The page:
BiographyNoachowitz, Irving (Norman, Irving); b. January 10, 1906, Vilna, Poland, to Canada October 16, 1927; Polish American; father Yehuda Leib Noachovitch, mother Nechama Anna “Lieba” Kalmanson Noachowitz; No prior military experience; High School education; Single; Barber and Driver; CP January 1938 and YCL, OBIU AFL, IFTU, and IWO; Received Passport# 32118, , San Francisco series, on October 23, 1937 which listed his address as 1110 Euclid Avenue, Los Angeles, California, and 1329 Briston Street, Brooklyn, New York; Notes Laguna Beach, California as his home Sailed January 12, 1938 aboard the Aquitania; Arrived in Spain via Massanet on January 23, 1938; Trained in Tarazona and served as the Political Commissar for Training Co. 1,; Sent to NCO School; Sent to front where he joined the XV BDE on March 10; Served with the XV BDE, Lincoln-Washington BN, MG Co., Later to BN HQ (Plaza Mayor); Last unit Machine gun Company (June 1938); Section political delegate, Rank Cabo; Served at the Retreats (Gandesa and Batea), Ebro Offensive; Returned to the US on December 20, 1938 aboard the Ausonia; Married Hela Bohlen (1928-2010)on January 19, 1955, in Marin County, California; d. July 21, 1989, Half Moon Bay, California, buried Skylawn Memorial Park, San Mateo County, California; Went to the Soviet Union in November 1933 on a trip sponsored by the Barbers Union; Listed civilian pilot with five hours of solo flying; Was a well known artist in later life under Irving Norman; Was bitter about the way he was portrayed in Alvah Bessie's Men in Battle; Spoke English, Yiddish, and Russian.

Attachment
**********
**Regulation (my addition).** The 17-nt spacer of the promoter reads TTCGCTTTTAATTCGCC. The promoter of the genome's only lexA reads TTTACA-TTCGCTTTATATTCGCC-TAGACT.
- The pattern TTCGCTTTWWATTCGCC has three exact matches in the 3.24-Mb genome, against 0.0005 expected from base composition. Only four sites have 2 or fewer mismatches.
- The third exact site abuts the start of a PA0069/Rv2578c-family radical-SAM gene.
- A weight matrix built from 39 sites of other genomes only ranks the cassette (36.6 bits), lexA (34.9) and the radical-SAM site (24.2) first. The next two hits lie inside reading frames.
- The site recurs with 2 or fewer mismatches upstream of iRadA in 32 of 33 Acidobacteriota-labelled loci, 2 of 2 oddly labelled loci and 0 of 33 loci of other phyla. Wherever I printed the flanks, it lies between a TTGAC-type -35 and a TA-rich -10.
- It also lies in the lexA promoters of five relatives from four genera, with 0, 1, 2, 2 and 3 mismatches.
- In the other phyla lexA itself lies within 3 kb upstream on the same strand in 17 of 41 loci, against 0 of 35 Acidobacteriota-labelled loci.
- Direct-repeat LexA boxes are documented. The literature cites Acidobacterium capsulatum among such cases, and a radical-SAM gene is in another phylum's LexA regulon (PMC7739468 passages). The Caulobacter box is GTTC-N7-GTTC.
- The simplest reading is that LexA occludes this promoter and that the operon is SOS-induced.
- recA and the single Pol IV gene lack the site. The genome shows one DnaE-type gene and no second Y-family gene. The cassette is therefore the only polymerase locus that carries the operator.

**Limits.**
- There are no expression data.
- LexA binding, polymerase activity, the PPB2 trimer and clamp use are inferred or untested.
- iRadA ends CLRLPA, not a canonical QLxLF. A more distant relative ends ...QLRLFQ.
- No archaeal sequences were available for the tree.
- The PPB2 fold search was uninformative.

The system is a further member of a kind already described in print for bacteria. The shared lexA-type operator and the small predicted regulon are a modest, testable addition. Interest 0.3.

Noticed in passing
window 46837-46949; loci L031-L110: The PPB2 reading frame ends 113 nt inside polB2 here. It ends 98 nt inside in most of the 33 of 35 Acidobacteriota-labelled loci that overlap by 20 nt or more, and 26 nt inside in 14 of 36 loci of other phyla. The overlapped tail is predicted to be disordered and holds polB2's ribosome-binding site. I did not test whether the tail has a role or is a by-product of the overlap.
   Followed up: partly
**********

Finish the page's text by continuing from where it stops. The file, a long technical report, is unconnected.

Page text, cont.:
Sources: Sail; Scope of Soviet Activity; Figueres List; Pay; RGASPI Fond 545, Opis 6, Delo 945, ll. 1-20; Ray Day and Scott A. Shields, Dark Metropolis, Irving Norman’s Social Surrealism (Crocker Art Museum and Irving Norman Trust); Irving Norman, The Artist and the Human Predicament; L-W Tree Ancestry; Find-a-Grave #176444070.
Photographs: Irving Noachowitz in Spain, RGASPI Fond 545, Opis 6, Delo 955; Irving Noachowitz in 1927. Photograph from Irving Norman, The Artist and the Human Predicament.